The Real Reason It Took So Long For Starbucks To Come To Italy

For a cafe with more Italian words on the menu than your local pasta joint, Starbucks sure took its time getting over to Italy. The coffeehouse is famously American, with its humble beginnings as a stall in Seattle's Pike Place market, and its name derived from a character in Herman Melville's great American novel, "Moby Dick," per Britannica. But from the macchiatos to the naming system (venti is Italian for 20; as in, 20 ounces), Starbucks has always had tremendous influence from il Bel Paese flowing through its veins. According to Britannica, early Starbucks evangelist Howard Schultz even used Milanese coffeehouses as a blueprint for expansion in the U.S. And yet, it took Starbucks nearly 50 years in the biz before its coffee shops reached Italian shores. What the beans, Starbucks?

According to Starbucks' website, the company had its humble beginnings on the cheery streets of Seattle in 1971. Forbes says that the first Italian Starbucks opened its doors in 2018, with a 25,000 square foot roastery in Milan, whose Tuscan marble, liquid nitrogen affogato station, and augmented reality-configured walls are a symbol of just how far the coffee slingers have come in those 47 years. Forbes seems to think Starbucks' delayed arrival is a combination of three things: culture, coffee, and — of course — money, honey.

Cultural coffee differences kept Italian Starbucks a pipe dream for a long time

Eva Del Soldato, a professor at the University of Pennsylvania, tells Forbes that in Italy, coffee isn't just the result of some roasted beans and water; it's a "social right." Culturally, Italians associate the ritual of a morning cappuccino or an espresso in the afternoon with a form of meditation — a way of being mindful of your surroundings and the company you keep. Would Starbucks corporate culture celebrate that interpretation of a cup of joe? Would, for example, the Neapolitan tradition of "caffè sospeso," paying for both your own coffee and one for the next customer who can't afford it, be honored in the Starbucks bottom line? Then there's the coffee itself. Would a country of coffee purists be amenable to a neon purple and blue unicorn frappuccino, for example?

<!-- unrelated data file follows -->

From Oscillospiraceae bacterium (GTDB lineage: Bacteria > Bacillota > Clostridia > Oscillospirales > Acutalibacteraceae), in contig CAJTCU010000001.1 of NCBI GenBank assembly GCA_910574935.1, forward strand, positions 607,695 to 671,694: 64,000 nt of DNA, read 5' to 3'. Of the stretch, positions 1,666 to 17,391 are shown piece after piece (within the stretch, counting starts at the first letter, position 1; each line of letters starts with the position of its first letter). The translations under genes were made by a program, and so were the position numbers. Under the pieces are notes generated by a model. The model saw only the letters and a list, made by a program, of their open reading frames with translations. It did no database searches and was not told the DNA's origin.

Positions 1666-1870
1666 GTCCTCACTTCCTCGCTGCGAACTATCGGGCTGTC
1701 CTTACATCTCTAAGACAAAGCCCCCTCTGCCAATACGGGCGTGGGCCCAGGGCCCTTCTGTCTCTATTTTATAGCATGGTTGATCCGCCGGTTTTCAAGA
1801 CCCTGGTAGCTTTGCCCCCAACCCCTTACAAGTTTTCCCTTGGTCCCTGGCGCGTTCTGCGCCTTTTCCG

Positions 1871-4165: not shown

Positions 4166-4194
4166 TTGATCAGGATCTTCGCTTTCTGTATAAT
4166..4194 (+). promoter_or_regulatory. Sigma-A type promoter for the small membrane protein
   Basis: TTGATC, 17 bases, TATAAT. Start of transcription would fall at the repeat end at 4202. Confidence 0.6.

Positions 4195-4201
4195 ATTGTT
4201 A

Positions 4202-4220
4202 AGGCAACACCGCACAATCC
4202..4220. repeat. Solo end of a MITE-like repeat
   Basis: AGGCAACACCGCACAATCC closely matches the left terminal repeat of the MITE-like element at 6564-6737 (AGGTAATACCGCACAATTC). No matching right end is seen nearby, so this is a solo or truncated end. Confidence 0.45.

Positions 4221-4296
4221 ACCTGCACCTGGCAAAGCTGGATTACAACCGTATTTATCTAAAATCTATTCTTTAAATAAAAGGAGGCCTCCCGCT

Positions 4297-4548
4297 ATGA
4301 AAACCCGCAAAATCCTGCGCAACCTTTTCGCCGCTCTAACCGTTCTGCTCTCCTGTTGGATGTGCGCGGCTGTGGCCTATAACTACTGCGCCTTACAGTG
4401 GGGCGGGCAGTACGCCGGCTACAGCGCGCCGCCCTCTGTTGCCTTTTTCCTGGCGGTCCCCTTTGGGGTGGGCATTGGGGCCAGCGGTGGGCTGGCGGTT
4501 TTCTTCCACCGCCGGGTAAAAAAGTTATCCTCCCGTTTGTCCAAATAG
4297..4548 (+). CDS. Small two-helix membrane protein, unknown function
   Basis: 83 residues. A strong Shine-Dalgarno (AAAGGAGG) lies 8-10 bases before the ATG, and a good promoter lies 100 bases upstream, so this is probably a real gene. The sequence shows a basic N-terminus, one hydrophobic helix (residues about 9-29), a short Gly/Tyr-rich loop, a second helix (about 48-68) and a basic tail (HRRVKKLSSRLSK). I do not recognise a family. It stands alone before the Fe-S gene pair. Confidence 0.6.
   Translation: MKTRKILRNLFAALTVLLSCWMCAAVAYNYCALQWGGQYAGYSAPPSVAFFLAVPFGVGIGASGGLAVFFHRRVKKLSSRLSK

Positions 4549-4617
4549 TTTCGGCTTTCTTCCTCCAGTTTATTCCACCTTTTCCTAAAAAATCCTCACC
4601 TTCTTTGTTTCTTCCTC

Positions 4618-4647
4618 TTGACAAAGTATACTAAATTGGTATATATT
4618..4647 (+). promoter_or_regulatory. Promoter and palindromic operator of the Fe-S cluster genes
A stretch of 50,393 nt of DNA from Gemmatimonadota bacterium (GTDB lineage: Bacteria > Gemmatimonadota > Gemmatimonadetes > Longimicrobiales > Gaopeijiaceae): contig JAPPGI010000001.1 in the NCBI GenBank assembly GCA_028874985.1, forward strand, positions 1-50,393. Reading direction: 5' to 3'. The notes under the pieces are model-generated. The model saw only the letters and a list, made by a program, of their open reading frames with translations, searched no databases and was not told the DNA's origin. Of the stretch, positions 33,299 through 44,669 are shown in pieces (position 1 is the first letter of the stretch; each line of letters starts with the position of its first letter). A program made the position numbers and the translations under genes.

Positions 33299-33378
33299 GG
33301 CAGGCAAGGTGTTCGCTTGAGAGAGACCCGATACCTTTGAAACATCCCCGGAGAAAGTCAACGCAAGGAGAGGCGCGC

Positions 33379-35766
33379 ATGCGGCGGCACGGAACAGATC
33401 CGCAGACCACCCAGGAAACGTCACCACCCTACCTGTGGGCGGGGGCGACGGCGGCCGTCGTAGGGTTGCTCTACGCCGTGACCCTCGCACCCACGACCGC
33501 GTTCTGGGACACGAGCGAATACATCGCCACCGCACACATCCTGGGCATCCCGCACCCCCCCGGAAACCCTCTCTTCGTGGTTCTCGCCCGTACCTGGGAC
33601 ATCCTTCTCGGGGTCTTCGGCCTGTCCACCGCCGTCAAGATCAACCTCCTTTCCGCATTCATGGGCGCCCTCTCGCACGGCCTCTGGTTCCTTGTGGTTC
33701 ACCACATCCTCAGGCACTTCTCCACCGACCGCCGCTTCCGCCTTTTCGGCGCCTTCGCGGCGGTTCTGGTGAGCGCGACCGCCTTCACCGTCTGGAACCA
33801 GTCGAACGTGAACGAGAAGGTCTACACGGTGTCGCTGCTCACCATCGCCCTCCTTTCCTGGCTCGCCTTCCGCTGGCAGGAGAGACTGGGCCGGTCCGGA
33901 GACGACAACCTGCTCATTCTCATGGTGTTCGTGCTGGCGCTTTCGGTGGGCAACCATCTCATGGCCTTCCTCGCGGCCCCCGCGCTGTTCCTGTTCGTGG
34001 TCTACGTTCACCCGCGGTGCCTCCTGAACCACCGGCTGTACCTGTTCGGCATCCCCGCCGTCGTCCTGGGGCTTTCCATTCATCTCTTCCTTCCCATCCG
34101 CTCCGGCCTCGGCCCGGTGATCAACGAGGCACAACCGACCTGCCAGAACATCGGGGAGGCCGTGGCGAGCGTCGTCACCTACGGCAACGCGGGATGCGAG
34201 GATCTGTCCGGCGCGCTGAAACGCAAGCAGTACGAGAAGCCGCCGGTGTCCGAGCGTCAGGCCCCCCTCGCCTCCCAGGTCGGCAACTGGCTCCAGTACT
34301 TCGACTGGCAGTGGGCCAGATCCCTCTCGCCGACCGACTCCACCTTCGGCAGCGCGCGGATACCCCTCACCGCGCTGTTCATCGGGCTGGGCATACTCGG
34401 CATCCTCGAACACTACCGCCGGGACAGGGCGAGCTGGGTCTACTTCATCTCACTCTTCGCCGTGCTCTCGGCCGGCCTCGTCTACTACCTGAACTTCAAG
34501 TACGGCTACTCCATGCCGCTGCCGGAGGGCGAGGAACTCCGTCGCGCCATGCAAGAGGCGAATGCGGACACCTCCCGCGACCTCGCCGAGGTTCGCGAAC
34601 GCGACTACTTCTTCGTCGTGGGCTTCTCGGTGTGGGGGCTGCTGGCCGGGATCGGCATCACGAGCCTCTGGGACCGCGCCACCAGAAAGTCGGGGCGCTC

As with all things, time — and money — will tell. Del Soldato explained to Forbes that Italians "tend to view franchises with suspicion," and a €4.5 ($5.22 USD) cappuccino isn't going to go a long way to assuage their fears. Forbes reported that with the opening of the first Starbucks in Milan came a complaint from an Italian consumer group, upset that Starbucks prices were way higher than the Milanese average. The Italian flagship location also stayed closed the longest during the lockdowns caused by COVID-19, as Milan was particularly hard-hit by the virus, according to Reuters. But like Starbucks' 11 other locations in Italy (per Statista), the American coffee house is open and caffeinating once again.